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Drawings from Nazi Camp Displayed at Berlin Museum

Secret drawings and sketches that a Czech artist produced and kept hidden from his Nazi captors go on display at the Jewish Museum.
By Elad Benari, Canada
First Publish: 5/18/2013, 2:01 AM

Holocaust Memorial in Berlin, Germany
Holocaust Memorial in Berlin, Germany
Flash 90

Secret drawings and sketches that a Czech artist produced and kept hidden from his Nazi captors inside a World War II concentration camp went on display at the Jewish Museum in Berlin on Friday, AFP reports.

Bedrich Fritta was 35 years old when he was imprisoned with his wife and baby son at the Theresienstadt Ghetto near Prague, which the Hitler propaganda machine vaunted as a "model camp" by hiding the true fate of Europe's Jews.

Artists, writers and musicians whose talents were exploited by the Nazis were held at the camp in the fortress town of Terezin in today's Czech Republic where Fritta, as head of a team of artists, had access to Indian ink and paper.

Clandestinely he built up a body of work including a drawing of a couple embracing by a food shop and perfumery, the facades of which fail to hide a mass grave of skulls and bones, reported AFP.

The picture was inspired by an International Red Cross visit in June 1944 when the Nazis ordered a massive clear up of the camp to give a good impression and deported some prisoners to Auschwitz to ease overcrowding.

"In a terrible place, he produced terrible works," his grandson David Haas said at the exhibition's launch, alongside his elderly father, for whom Fritta drew his only colorful pictures from the camp.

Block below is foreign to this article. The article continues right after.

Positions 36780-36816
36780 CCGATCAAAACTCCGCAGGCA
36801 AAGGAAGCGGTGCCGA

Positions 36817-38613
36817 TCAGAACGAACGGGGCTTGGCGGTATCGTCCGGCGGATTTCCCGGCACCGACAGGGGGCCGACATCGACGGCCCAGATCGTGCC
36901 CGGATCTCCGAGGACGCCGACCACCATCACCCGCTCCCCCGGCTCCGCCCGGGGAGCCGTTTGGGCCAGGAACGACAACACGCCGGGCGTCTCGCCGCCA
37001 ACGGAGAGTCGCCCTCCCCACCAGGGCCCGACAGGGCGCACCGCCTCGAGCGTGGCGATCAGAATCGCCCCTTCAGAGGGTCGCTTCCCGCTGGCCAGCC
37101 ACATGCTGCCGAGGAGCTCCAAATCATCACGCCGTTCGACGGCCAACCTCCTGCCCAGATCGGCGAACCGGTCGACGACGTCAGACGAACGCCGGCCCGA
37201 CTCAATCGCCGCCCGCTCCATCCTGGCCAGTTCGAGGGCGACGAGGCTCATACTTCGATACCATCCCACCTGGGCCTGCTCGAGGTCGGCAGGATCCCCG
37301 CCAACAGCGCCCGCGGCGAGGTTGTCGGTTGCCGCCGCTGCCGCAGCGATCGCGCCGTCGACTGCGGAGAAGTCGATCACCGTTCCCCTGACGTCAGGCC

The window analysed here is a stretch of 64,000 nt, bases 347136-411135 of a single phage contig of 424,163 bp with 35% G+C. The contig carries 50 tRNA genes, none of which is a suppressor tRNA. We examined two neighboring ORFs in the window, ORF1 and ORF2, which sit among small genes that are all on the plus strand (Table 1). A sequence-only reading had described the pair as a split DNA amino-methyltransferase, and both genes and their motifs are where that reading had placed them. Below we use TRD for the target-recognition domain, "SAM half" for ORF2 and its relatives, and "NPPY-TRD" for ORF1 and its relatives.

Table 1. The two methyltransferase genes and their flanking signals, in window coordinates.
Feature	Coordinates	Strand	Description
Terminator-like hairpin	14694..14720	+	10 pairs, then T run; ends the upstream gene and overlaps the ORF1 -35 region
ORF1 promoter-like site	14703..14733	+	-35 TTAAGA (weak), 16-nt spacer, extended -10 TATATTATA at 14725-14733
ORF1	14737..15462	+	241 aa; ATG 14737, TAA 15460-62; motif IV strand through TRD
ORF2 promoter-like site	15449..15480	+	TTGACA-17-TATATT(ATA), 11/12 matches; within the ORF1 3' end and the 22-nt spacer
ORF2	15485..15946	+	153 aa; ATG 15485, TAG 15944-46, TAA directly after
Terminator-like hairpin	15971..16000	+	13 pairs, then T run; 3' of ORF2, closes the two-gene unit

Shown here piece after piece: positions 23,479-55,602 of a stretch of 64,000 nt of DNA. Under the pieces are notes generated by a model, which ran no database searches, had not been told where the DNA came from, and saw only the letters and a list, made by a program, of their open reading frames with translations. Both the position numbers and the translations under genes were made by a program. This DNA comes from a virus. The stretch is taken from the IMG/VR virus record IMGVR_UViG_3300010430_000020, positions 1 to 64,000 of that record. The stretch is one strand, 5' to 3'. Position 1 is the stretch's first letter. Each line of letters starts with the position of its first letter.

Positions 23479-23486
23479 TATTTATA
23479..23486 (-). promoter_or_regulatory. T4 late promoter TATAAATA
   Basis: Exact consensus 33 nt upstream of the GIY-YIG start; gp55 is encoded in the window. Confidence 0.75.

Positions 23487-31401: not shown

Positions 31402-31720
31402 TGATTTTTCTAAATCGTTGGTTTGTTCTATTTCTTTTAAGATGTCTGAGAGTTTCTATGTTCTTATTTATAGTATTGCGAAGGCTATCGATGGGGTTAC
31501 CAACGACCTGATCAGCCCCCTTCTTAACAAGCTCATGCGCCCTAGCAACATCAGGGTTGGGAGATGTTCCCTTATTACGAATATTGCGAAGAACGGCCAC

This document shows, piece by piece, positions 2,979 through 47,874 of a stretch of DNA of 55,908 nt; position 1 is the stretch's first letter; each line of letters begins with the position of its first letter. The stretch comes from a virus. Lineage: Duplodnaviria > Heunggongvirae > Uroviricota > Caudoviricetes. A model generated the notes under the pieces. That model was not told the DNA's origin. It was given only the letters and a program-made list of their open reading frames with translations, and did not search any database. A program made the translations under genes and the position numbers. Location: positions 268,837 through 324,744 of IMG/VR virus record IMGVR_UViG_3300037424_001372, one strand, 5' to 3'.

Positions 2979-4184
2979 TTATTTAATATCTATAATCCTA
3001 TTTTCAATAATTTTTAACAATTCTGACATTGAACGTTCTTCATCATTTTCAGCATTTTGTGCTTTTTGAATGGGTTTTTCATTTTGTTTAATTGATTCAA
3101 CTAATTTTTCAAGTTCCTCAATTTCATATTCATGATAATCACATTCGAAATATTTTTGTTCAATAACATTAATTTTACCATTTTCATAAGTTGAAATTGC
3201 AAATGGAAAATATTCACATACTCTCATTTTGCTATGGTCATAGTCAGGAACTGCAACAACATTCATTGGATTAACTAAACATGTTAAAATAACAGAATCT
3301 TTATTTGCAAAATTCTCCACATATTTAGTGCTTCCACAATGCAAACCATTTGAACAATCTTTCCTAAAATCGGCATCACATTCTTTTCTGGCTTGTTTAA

His book "For Tommy on his third birthday" opens with a picture of a small rosy child looking out of a window and is in stark contrast to the otherwise dark skies, bare trees, tall walls and deformed faces drawn in black and white.

"It's a book showing a shocking contrast between the terrible situation that grandfather was living in and his role as a husband and father," Haas said, according to AFP.

Denis Gruenemeier, assistant curator, said he had been bowled over by the overall artistic quality.

"Although I didn't know these works, I was expecting something along the lines of realism but what I saw in fact at times reminded me of German expressionism... or the symbolism of the 1900s," he said.

Fritta was among 87,000 deportees from the camp who eventually died in Auschwitz. His wife also perished. The hidden drawings were recovered by a surviving prisoner.

The exhibition runs until August 25.

(Arutz Sheva’s North American Desk is keeping you updated until the start of Shabbat in New York. The time posted automatically on all Arutz Sheva articles, however, is Israeli time.)